Anhydrite from hydrothermally altered basalts: DSDP Hole 504B
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Anhydrite from hydrothermally altered basalts: DSDP Hole 504B

  • Author(s): Saltzman, ES
  • Alt, JC
  • Price, DA
  • et al.
Creative Commons Attribution 4.0 International Public License
Abstract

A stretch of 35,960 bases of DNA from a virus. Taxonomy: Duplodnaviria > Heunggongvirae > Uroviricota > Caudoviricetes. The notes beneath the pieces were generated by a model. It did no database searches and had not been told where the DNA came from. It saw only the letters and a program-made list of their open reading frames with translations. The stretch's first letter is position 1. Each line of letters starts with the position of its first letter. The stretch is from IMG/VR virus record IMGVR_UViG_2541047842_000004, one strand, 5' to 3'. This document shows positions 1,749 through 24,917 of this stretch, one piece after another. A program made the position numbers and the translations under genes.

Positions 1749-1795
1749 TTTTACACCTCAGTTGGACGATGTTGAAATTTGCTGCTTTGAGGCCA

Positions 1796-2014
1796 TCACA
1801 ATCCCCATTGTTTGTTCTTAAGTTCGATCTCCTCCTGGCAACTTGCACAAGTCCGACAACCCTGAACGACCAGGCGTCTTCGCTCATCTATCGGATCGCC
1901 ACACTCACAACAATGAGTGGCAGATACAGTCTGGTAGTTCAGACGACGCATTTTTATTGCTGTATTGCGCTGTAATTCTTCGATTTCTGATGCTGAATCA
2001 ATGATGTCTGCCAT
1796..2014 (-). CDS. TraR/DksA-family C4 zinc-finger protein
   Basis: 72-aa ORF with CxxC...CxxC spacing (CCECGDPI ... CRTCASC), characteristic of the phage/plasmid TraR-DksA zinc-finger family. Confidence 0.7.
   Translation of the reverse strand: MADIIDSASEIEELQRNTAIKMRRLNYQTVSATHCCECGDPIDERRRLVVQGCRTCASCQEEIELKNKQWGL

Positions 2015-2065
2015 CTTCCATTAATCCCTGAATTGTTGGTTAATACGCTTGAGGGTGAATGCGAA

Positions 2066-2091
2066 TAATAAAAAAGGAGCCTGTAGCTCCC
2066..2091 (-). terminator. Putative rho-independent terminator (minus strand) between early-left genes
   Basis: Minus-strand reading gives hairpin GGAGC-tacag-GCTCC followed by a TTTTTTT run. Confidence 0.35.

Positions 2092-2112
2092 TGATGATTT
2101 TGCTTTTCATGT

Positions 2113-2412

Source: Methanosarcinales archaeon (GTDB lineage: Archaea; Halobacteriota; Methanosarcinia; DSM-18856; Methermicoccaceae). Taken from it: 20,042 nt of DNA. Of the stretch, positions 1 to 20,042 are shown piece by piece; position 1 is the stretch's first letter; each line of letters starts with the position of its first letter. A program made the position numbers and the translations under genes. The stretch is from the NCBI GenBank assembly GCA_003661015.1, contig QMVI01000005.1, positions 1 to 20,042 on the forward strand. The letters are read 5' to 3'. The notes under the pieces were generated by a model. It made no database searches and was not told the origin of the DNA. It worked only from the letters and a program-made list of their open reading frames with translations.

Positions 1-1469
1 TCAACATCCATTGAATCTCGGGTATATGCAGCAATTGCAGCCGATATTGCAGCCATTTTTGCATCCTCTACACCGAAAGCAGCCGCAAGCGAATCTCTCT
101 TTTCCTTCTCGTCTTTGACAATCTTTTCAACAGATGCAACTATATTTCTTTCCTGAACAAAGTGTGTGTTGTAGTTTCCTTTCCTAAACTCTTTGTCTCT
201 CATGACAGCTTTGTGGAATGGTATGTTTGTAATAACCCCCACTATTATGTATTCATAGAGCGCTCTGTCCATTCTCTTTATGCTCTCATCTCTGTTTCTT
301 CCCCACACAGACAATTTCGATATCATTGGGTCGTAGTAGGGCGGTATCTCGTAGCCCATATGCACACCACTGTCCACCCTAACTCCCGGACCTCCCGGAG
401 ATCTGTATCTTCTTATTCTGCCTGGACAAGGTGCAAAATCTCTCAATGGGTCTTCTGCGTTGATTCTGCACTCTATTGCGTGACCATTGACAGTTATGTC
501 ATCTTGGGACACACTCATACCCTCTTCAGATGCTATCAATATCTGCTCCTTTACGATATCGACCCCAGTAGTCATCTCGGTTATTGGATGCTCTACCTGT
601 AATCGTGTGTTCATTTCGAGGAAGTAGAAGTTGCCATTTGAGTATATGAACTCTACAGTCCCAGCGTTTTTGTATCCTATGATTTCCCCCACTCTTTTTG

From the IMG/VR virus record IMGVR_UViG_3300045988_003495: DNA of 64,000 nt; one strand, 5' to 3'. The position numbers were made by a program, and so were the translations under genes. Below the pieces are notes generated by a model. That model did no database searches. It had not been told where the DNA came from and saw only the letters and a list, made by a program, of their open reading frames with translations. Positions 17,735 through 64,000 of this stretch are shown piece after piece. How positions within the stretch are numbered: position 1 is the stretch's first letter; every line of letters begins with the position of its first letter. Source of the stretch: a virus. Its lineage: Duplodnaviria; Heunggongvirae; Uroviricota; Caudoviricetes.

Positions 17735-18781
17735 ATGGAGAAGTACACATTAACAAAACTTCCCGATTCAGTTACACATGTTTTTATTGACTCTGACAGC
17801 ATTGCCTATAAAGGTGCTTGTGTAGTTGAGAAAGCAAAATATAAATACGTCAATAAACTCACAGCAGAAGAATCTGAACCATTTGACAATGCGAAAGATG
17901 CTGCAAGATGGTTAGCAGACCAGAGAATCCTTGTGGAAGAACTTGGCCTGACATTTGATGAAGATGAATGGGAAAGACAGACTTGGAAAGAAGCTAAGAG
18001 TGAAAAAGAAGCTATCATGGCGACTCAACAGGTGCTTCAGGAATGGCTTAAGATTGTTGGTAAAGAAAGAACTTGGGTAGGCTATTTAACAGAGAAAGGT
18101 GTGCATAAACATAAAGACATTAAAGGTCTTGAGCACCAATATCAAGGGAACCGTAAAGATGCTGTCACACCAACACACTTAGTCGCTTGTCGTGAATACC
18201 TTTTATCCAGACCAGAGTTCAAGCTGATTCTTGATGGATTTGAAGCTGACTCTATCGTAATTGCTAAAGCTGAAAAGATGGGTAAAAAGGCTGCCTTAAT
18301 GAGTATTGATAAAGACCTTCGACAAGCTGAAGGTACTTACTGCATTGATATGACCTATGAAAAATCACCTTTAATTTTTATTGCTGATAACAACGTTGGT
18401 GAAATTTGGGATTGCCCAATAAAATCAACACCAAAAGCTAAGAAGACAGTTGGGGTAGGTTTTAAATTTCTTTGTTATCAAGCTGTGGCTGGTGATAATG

Anhydrite occurs in veins in hydrothermally altered basalts recovered from Hole 504B during Leg 83 of the Deep Sea Drilling Project. Sulfur isotopic data indicate that the anhydrites formed from fluids with sulfur isotopic compositions similar to seawater sulfate. Anhydrite probably formed as a pulse of relatively unreacted seawater was heated when it entered a relatively hot hydrothermal system containing evolved fluids. Reheating and continued evolution of the system followed anhydrite deposition. Preservation of anhydrite in Hole 504B was probably favored by the high temperatures and by the low permeability that resulted from the sealing of cracks with secondary minerals. Evidence also indicates that anhydrite was partly replaced by laumontite and prehnite at relatively high temperatures, and possibly by calcite at lower temperatures.

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